A variety of proposed or otherwise potential accounting standards are currently under review and study by standard-setting organizations and certain regulatory agencies. Because of the tentative and preliminary nature of such proposed standards, we have not yet determined the effect, if any, that the implementation of any such proposed or revised standards would have on our unaudited Condensed Consolidated Financial Statements.
Note 2Long-Term Debt
Long-term debt at June 30, 2010 and December 31, 2009 consists of the following:
Senior Secured Credit Facility: On February 5, 2010, we entered into an amended and restated credit agreement for a $375 million revolving credit facility (the Credit Facility), which matures on March 31, 2014. As of June 30, 2010, we had no borrowings outstanding under the Credit Facility, and had $9.6 million committed under letters of credit for various self-insurance programs.
The Credit Facility has, among other things, restrictive financial covenants and capital spending limits and other affirmative and negative covenants. In April 2010, we modified certain covenants of our Credit Facility. Previously, there was a provision in the Credit Facility that we could not spend more than $25 million in construction and development costs on the Baton Rouge project after January 1, 2010 unless we had received at least $100 million in the aggregate from permitted sales or other dispositions of assets (including receipt of insurance proceeds), cash tax refunds, litigation settlements, and/or gross proceeds received by us from the issuance and sale of non-debt capital, and/or dividends and distributions received from unrestricted subsidiaries net of investments made after January 1, 2010 in such unrestricted subsidiaries that have not been charged to an investment basket. In the modification to our Credit Facility, this amount was reduced from $100 million in the aggregate to $40 million, and we have the funds available to meet this requirement.
Loss on Early Extinguishment of Debt: During the six months ended June 30, 2010, we incurred a loss on early extinguishment of debt of $1.9 million related to the write off of unamortized debt issuance costs related to the modification of our Credit Facility and the early retirement of our 8.25% Senior Subordinated Notes due 2012 (the 8.25% Notes).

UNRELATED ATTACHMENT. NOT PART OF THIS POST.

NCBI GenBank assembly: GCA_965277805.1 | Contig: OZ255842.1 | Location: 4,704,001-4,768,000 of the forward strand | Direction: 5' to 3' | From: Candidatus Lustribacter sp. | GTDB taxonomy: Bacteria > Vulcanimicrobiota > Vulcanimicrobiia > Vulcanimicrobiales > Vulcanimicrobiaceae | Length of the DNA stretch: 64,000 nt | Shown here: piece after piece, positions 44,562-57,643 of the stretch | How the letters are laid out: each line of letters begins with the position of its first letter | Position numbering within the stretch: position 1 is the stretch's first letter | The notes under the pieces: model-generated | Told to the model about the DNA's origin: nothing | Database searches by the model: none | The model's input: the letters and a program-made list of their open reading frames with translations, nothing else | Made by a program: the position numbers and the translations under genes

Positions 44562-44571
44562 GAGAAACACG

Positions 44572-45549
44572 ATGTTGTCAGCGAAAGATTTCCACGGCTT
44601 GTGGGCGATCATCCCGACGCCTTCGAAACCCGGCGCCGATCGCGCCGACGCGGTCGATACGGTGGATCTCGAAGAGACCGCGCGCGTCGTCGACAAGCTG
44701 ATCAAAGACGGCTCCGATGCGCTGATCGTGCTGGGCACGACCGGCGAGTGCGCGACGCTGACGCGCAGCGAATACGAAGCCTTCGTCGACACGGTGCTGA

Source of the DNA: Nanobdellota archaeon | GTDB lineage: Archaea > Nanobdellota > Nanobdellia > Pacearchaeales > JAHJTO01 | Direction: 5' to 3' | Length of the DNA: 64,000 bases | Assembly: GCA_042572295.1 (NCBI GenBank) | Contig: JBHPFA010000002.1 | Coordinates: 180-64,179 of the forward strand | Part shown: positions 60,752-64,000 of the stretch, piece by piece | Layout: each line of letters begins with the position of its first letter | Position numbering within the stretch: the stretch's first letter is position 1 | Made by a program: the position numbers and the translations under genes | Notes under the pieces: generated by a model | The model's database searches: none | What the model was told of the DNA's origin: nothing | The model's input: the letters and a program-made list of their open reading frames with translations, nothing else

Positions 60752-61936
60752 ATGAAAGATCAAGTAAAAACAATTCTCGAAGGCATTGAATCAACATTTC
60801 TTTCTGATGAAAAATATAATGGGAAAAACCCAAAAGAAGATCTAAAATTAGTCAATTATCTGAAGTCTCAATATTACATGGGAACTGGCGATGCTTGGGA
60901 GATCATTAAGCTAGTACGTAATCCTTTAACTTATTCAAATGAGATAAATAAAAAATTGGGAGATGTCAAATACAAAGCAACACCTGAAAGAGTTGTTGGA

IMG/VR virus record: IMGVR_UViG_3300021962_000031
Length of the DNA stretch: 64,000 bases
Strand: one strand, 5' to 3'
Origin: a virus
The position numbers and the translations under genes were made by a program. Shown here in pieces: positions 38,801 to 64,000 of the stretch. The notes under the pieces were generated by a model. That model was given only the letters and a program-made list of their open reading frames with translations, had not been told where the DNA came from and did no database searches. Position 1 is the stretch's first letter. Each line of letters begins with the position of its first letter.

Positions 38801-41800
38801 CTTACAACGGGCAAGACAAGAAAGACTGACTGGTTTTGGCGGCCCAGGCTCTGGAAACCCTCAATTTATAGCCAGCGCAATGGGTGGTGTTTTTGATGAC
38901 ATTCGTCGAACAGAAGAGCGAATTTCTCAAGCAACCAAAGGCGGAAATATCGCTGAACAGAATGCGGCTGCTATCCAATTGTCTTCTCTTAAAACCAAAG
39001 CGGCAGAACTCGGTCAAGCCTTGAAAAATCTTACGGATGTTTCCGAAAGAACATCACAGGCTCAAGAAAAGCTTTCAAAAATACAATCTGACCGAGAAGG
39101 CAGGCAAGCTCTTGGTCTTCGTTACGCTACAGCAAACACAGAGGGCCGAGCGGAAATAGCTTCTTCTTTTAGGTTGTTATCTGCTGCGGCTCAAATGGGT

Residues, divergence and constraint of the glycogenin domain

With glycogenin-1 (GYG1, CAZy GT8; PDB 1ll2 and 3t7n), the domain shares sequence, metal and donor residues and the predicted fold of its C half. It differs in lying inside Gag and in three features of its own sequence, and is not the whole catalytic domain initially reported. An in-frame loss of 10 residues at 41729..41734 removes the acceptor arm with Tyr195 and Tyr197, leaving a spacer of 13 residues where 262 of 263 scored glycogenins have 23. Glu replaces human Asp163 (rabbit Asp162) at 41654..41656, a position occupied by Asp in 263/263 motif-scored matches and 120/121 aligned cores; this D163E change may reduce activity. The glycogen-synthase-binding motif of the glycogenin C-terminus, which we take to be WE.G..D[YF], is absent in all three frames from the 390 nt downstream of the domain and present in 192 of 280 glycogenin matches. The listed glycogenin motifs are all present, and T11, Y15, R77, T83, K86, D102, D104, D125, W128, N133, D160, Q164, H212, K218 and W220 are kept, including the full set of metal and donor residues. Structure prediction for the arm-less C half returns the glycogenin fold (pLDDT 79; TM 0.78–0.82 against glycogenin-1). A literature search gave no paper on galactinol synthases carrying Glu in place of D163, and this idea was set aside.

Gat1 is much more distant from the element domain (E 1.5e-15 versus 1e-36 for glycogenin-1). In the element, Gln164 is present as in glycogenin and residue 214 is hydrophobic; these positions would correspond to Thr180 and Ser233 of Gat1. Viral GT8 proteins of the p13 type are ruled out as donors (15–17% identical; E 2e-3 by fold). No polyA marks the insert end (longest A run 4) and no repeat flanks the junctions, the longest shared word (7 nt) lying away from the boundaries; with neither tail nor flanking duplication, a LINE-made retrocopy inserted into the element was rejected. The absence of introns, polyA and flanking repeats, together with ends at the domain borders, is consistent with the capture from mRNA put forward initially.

8.75% Senior Subordinated Notes due 2020: On May 6, 2010, we closed an offering of $350 million in aggregate principal amount of new 8.75% senior subordinated notes due 2020 (the 8.75% Notes). The 8.75% Notes were issued in a private offering conducted pursuant to Rule 144A and Regulation S under the Securities Act of 1933, as amended, at a price equal to par. Net of the initial purchasers fees and various costs and expenses, net proceeds from the offering were approximately $341.5 million. Using the net proceeds, we redeemed all of our then existing 8.25% Notes, of which $200 million in aggregate principal amount was outstanding, and repaid $80 million in revolving credit borrowings under the Credit Facility. The remaining net proceeds from the offering are expected to be used for general corporate purposes, including the funding of our Baton Rouge project.
Interest expense, net of capitalized interest was as follows:
The increase in interest expense before capitalized interest for the three and six months ended June 30, 2010 from the same 2009 period was due to the replacement of less expensive revolver borrowings with new, long-term notes. We believe the longer maturity, fixed interest rate and less-restrictive covenants of the new long-term notes warranted the higher interest rate. The decrease in capitalized interest was due to the opening of our River City project in March 2010. We stopped capitalizing interest on our River City project upon its opening.